But on average, this plot suggests human greenhouse gas emissions has made flooding twice as likely.
But not all damaging extreme weather events are being made more frequent by human influence on climate. The plot above, which looks at another river during spring, examines flooding triggered by rapid melting of snow. Here we see that this kind of event has been made less frequent by past GHG emissions – the red arrow points to the right.
Public perception of extreme weather and climate
At the moment these studies require months to complete and are published well after public attention to a weather event has peaked.
This can lead to situations where extreme weather events are listed as examples of the impacts of anthropogenic climate change before attribution studies have shown that it is indeed an event made more likely by human greenhouse gas emissions.
In part, this is because immediately after an extreme weather event the only available statement is that all events are now happening in a changing climate.
While this is true, it doesn’t actually say anything about the likelihood of the event occurring, and might imply that all events are made more likely. Given that often we find that climate change played no role in changing the likelihood of an event, and sometimes we find climate change has made an extreme weather event less likely, this is not ideal.
To avoid such issues, we are working on developing ways to assess the links between a particular extreme weather event and climate change that work a lot faster.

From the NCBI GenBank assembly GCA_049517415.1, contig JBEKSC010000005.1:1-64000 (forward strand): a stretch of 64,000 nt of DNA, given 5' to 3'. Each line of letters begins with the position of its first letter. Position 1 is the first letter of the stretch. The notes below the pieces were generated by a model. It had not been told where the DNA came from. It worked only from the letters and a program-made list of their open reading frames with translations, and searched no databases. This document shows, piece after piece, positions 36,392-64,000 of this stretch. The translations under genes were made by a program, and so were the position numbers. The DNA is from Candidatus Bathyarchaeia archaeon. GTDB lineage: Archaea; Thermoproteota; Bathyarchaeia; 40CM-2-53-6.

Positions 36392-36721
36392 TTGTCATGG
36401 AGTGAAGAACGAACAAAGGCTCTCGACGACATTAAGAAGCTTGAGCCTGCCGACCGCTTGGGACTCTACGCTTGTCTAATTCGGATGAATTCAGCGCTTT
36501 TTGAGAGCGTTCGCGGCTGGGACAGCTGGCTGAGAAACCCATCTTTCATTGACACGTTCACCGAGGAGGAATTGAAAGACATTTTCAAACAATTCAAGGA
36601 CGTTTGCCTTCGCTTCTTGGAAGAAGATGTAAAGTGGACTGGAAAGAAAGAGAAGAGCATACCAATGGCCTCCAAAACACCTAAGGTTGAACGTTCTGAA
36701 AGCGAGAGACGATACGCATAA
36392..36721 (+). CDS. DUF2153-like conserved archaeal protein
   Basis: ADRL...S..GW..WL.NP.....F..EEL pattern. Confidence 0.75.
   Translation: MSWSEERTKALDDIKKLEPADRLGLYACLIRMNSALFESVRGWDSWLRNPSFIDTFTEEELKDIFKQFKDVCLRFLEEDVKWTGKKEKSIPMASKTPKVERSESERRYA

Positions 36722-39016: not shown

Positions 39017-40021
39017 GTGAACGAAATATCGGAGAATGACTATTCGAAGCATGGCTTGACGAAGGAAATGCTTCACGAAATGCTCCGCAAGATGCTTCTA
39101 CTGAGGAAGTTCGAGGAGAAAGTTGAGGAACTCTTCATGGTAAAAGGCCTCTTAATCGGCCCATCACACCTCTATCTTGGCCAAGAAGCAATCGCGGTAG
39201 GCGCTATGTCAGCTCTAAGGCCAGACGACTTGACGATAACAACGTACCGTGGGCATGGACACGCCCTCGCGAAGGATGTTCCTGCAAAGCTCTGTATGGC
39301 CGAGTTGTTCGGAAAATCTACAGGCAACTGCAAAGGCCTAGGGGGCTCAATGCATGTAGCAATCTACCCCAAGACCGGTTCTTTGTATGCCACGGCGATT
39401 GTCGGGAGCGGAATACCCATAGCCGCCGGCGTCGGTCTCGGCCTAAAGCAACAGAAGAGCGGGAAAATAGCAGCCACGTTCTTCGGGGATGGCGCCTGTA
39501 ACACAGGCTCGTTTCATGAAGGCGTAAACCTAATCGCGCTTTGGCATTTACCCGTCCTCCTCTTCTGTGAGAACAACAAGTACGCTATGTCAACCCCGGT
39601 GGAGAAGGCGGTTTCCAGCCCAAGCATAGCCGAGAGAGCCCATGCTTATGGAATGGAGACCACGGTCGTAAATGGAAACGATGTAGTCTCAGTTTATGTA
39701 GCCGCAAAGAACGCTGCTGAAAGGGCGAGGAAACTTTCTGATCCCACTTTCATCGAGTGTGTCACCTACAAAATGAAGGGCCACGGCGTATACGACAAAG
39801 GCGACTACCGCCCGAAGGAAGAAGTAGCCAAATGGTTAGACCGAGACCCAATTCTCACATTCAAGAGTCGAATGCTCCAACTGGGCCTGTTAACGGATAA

Real-time event attribution
Many uncertainties remain in attribution studies. It’s also easier to work with some types of weather events than others – there is generally more confidence in studies focusing on heatwaves than those focusing on extreme precipitation. Investigation of hurricanes and typhoons is currently limited by the ability of global climate models to simulate these events.
Models also tend to produce more reliable results in certain regions – for example, the mid-latitudes are easier to model because their weather is much more random and does not rely on getting large scale processes exactly right. Monsoon regions, on the other hand, are trickier.
So far the events we’ve examined have been picked rather randomly, leading to a very patchy picture of how climate change is affecting us already. The next stage of our work is to begin to fill the gaps and systematically investigate how anthropogenic climate change is affecting us today.
We won’t be able to give a robust answer in every case, due to limited data and limits to our understanding. But we are working towards developing a more complete picture, that can hopefully lead to better understanding of what climate change means for extreme weather in different parts of the world.
Dr Friederike Otto is a research fellow in the ECI Global Climate Science Programme at the Uiversity of Oxford and scientific coordinator of climateprediction.net.